How to Election-Proof Your Retirement

Dana Anspach

September 10, 2020

The impact of election results on our country’s future weighs heavily on everyone’s minds. The stakes have rarely felt higher.

But to what degree should you let politics affect your financial decisions? Should you adjust your retirement date? Rearrange your investment portfolio? Based on what you think will happen? Or just to be cautious?

The answer, of course, depends on your investment objectives and time frame. The problem is that most people set personal goals, and then, as human nature is so inclined to do, find themselves caught up by current events. The result? They lose focus on their long-term aims.

Here are three ways to stay focused on your goals, so you can keep your retirement on track.

1. Shift Your Thinking About Elections

When it comes to the stock market, elections matter less than you might think. The reality is that no matter which political party is in charge, the overall trajectory of the market has been positive. Let’s look at some facts and analysis that illustrate this.

The chart below shows annualized returns during full presidential terms. With a few exceptions, average returns over the entire terms of most presidents have been positive, regardless of  political party. 

And an analysis from BTN Research looks at total S&P return over the past 50 years, according to which party held power in both the White House and the Congress. As you can see, the impact of various political configurations is less than you might assume. 

  • +17.5% – Democratic President and a Republican-led Congress
  • +5.4% – Republican President and a Democratic-led Congress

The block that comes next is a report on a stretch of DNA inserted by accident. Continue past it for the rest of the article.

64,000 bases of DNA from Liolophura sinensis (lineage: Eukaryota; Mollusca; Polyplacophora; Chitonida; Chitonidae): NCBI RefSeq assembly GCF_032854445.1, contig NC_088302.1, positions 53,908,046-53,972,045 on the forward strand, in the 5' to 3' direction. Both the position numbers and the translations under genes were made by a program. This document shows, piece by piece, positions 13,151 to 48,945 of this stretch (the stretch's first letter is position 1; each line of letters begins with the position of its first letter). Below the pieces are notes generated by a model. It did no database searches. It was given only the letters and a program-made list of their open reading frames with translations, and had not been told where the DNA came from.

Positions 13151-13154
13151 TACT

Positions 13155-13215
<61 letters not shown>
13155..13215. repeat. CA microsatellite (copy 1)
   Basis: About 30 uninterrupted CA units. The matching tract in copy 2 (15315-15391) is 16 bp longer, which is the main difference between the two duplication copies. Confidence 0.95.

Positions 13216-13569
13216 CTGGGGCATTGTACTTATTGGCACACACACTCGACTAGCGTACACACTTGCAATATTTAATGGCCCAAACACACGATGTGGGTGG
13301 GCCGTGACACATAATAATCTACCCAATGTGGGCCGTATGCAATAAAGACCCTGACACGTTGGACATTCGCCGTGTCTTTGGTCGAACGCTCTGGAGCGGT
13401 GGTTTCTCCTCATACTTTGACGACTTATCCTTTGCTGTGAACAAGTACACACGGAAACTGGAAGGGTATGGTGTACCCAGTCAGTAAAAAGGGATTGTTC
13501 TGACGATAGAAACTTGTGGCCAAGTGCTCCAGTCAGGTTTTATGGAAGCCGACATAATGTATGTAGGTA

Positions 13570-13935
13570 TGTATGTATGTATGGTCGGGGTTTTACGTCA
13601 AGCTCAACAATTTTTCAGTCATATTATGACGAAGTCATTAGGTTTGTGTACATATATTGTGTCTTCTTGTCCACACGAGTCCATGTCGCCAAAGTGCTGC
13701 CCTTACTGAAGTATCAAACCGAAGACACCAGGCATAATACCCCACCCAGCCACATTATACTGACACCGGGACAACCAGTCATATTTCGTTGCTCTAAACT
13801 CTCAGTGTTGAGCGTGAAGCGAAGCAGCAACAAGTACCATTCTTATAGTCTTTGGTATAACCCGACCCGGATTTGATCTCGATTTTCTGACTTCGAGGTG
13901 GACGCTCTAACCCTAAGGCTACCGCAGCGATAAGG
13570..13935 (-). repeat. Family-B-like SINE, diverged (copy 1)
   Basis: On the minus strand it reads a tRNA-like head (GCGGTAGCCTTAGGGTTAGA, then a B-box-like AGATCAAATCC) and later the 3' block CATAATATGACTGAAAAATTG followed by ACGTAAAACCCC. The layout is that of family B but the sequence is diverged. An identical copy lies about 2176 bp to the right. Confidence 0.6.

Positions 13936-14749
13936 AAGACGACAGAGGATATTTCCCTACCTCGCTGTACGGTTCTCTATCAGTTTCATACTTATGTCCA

• +12.3% – White House and Congress controlled by the same political party
  • +10.8% – House and Senate controlled by different parties, regardless of which party is in the White House

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Now, all this doesn’t mean there won’t be short-term volatility. There will always be volatility. But when you expect volatility, you develop a plan on how to handle it. And that plan should be based on your personal financial circumstances, not outside events.

While it can be tempting to try to read the statistical tea leaves and formulate a plan to “beat the market,” for those nearing retirement, that could backfire.

Yes, during your younger years, it often does make sense to take risks that give you the potential for higher returns. But as you near retirement, your primary goal becomes generating a reliable outcome because you’ll need a retirement paycheck that lasts.

Often, that requires a new way of thinking about investing. What you need is an investment plan that gives you confidence, knowing your retirement cash flows are secure – no matter who wins, now or in the future. 

2. Build a Portfolio That Can Withstand Volatility

If you’re asking what will happen to the markets as a result of the election, and what you should do about it now, perhaps you aren’t posing the right questions.

Instead, ask yourself what portion of your investment portfolio you need to withdraw in retirement, and when? After all, isn’t that what matters?

Let’s say you’ve run your numbers, and you estimate that you will need to withdraw $25,000 each year in retirement from your investments. If you’re five years away from retirement, you could put about $125,000 ($25,000 x 5) of your retirement savings in accessible, safe investments. Not stocks. If you’re 10 years away, reserve about $250,000 and so on.

What kind of investments? Consider less-volatile holdings like these:

  • Money market funds
  • Short-term municipal bond funds
  • No-commission fixed annuities
  • US government agency bonds

For higher yields, though, you could check out some new ultra, short-term municipal bond funds or build a ladder of fixed annuities. Sensible Money is able to offer its clients slightly higher yields on fixed annuities through an exclusive partnership with DPL Financial Partners.